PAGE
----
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Family Violence Messages in a Minute - What to do - Crisis Response


If someone is in immediate danger or there is imminent risk of harm, it’s crucial to act swiftly and safely. However, always ensure that calling for help does not place you or others at additional risk.


Call 111 if the situation is happening right now. The Police in Aotearoa New Zealand are trained in family violence awareness and can identify signs that others may miss.


Safety Plan - Crisis

Start by establishing a sign, emoji, or safe word that your friend or whānau member can send to signal they need you to call 111.


Have all the details the Police might need written down and ready for when you call 111:

  • Full name of your friend or whānau member

  • Date of Birth (DOB)

  • Name and DOB of the person posing the risk, if possible

  • Address of their usual residence

  • Information about children in the home

  • Registration of vehicles

  • Current location of the person calling (this may differ from the usual address and is crucial for 111)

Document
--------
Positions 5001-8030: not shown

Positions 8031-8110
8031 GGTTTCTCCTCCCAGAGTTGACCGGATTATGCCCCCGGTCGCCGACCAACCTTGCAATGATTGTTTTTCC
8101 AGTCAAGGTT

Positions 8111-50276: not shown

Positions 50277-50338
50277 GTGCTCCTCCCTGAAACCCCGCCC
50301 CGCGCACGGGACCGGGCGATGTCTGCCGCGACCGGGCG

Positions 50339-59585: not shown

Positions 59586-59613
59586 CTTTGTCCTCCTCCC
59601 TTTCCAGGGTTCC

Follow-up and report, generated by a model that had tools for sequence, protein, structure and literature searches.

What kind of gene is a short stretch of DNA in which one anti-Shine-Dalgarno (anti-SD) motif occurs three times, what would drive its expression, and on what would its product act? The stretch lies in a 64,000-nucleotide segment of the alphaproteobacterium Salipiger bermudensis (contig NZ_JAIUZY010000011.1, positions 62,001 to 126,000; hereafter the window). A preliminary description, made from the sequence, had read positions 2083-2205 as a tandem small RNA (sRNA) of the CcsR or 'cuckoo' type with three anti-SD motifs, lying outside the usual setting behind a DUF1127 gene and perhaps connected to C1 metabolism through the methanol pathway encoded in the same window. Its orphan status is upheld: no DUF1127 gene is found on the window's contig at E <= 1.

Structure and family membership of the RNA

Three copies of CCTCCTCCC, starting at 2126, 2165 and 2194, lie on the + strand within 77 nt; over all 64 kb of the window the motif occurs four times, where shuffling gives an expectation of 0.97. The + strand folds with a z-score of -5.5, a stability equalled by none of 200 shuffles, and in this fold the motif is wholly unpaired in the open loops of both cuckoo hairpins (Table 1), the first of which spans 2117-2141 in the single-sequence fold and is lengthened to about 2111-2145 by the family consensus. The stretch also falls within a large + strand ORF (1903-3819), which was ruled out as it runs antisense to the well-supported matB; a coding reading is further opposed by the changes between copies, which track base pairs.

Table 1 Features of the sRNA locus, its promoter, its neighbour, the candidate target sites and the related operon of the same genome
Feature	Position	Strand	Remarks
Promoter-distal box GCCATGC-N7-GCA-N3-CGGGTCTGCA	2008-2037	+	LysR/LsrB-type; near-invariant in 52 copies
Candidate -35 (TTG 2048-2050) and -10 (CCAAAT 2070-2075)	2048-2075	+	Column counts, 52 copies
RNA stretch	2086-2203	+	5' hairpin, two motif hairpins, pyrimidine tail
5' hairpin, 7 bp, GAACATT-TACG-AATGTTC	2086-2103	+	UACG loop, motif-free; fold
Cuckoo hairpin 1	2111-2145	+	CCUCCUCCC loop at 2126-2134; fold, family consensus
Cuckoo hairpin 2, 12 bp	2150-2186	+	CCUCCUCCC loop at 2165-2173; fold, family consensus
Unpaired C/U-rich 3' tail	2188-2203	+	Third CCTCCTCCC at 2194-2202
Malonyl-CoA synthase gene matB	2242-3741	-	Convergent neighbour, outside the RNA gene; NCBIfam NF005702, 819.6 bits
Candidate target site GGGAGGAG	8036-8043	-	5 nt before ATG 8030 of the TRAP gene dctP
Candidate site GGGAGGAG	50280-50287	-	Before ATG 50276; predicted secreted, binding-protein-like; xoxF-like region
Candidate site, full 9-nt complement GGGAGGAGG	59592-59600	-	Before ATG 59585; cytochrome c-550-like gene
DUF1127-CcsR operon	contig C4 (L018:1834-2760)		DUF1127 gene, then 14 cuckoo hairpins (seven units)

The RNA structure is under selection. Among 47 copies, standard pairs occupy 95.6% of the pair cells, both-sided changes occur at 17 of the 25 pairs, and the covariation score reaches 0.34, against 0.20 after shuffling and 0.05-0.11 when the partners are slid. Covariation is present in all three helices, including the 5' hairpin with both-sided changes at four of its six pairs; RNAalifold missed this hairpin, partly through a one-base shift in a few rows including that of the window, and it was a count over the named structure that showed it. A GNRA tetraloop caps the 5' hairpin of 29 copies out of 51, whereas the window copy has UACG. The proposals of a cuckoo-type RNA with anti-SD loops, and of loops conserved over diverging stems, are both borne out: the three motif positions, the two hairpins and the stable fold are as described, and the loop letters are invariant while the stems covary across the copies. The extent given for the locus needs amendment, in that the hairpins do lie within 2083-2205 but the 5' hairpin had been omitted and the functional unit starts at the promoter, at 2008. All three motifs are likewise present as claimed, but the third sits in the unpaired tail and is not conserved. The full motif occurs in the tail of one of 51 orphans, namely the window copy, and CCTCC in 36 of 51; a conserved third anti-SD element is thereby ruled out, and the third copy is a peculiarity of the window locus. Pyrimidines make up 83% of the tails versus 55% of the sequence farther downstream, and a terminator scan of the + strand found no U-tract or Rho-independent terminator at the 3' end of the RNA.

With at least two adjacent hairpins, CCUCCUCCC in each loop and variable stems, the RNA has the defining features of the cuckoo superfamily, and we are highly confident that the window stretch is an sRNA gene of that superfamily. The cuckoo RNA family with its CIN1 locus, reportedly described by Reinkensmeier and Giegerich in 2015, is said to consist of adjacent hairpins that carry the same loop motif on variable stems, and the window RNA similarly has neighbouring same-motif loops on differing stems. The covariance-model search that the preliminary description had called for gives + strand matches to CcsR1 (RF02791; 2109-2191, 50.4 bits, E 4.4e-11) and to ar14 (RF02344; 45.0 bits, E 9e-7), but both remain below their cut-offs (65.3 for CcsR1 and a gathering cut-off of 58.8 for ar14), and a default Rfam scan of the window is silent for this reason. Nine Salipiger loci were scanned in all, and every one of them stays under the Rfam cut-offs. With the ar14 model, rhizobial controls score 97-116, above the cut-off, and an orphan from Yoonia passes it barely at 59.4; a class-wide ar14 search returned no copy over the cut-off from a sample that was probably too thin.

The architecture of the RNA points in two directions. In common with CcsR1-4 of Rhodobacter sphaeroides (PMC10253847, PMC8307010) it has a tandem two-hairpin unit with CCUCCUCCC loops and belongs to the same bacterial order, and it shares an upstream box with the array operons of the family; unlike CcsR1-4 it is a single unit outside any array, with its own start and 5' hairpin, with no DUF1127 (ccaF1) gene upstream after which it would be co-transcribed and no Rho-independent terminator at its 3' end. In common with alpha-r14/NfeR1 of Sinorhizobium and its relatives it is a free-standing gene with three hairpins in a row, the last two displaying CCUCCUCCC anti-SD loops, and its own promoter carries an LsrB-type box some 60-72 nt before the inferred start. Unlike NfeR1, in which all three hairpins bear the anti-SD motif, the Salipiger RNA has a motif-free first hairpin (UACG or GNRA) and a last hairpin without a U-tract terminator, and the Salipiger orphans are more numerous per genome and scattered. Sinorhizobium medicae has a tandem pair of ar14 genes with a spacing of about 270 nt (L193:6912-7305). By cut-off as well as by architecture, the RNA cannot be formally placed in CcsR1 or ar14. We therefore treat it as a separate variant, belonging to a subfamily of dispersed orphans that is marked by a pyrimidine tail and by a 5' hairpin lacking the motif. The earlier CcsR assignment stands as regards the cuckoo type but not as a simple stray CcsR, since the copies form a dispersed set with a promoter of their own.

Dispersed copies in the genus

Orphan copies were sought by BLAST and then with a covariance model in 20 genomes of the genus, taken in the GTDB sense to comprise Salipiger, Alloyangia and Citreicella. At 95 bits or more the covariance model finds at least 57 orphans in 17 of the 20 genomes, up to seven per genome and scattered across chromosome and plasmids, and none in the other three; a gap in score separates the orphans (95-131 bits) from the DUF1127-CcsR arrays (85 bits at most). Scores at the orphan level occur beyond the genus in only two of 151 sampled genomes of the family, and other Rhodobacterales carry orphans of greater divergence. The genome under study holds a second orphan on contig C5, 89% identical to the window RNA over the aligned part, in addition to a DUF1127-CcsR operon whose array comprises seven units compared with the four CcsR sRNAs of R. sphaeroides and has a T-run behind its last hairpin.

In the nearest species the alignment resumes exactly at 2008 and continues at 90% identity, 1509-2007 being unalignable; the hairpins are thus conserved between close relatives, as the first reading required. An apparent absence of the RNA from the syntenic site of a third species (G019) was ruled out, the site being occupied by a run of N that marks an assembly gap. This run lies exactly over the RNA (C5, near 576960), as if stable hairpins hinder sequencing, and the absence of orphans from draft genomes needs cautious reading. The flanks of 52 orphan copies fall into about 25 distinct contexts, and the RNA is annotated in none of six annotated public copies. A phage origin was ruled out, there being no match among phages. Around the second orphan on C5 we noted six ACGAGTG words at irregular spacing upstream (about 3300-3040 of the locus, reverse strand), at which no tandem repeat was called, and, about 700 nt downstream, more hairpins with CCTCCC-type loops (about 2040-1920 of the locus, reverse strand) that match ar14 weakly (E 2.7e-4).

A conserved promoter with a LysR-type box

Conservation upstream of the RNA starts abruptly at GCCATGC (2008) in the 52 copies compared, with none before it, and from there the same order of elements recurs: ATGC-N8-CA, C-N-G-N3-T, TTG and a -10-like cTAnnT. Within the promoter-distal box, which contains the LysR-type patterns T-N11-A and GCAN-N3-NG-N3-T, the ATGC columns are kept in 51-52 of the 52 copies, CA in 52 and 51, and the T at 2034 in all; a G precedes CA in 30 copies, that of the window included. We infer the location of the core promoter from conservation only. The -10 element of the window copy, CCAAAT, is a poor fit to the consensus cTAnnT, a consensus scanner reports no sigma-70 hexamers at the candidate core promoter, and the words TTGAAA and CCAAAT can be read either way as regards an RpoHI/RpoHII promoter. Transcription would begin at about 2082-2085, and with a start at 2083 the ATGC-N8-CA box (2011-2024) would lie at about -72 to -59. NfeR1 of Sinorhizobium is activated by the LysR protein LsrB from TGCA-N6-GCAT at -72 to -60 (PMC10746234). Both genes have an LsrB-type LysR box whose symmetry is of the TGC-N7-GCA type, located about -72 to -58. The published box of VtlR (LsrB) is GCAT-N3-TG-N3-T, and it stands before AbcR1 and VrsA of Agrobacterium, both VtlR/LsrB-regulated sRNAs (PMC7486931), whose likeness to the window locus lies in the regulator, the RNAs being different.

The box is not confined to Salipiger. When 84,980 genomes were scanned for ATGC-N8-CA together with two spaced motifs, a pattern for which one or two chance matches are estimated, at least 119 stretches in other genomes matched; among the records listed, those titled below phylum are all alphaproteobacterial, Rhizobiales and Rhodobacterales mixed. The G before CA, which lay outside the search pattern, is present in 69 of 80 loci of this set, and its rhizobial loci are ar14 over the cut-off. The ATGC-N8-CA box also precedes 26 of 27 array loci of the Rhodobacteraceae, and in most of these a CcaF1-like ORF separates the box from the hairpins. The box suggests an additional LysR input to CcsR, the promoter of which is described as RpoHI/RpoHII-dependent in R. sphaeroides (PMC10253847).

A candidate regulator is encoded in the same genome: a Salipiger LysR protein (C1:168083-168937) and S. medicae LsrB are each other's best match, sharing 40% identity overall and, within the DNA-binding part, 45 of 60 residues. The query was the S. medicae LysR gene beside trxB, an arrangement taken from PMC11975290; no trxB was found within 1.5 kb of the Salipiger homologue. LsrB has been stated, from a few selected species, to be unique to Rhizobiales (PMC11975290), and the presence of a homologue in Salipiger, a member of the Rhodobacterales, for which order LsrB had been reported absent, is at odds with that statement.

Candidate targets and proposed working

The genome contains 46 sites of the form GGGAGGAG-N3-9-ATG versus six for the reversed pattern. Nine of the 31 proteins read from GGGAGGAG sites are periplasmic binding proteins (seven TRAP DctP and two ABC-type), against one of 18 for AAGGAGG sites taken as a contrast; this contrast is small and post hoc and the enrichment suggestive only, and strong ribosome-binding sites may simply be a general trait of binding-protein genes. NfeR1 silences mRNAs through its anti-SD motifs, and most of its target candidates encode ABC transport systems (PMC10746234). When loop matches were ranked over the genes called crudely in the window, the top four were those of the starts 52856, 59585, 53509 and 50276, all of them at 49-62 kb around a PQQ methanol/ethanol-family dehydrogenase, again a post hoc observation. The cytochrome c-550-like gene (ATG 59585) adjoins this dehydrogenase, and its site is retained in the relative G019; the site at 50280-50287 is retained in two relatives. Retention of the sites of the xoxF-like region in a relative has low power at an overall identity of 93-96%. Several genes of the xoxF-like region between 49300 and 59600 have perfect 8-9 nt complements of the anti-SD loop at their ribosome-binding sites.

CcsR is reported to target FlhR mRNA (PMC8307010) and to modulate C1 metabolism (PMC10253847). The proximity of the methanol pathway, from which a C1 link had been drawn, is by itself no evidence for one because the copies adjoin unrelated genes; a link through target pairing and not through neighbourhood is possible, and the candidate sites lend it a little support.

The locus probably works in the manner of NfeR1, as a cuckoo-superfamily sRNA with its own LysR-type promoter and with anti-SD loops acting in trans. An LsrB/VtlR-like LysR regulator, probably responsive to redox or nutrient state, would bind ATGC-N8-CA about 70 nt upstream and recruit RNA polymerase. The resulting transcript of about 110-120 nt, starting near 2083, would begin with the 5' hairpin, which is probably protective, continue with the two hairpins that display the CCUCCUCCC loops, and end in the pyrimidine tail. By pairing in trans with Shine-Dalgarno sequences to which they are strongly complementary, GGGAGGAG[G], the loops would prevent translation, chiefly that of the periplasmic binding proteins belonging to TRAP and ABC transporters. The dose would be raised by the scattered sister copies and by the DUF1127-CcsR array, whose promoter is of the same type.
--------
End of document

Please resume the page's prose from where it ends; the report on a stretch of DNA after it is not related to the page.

When you call, inform the Police that this is part of a safety plan for a friend at risk of family violence, and they need immediate help.


Provide as much information as you can. If you don’t know an answer, it’s okay to say so. Stay calm and breathe—111 is there to help and will guide you through the process.


After the Police attend a family violence incident, they write a report that goes to a multi-agency response group. This collective response aims to ensure that families and whānau receive the necessary support services based on the identified risks.


If you call in yourself, a plan will be developed based on the perceived need. If you call for someone else, there may not be an immediate response as it could put the primary victim at further risk if they have not reported the incident themselves. However, the information will be recorded and can contribute to identifying patterns of harm and family violence episodes.


Aotearoa New Zealand has hundreds of community-based non-government organisations dedicated to addressing family violence. There are many options for support and advice.

By being the voice for someone, you can open the door to a healing pathway. Even raising concerns can help create a clearer picture of harm patterns and family violence episodes.


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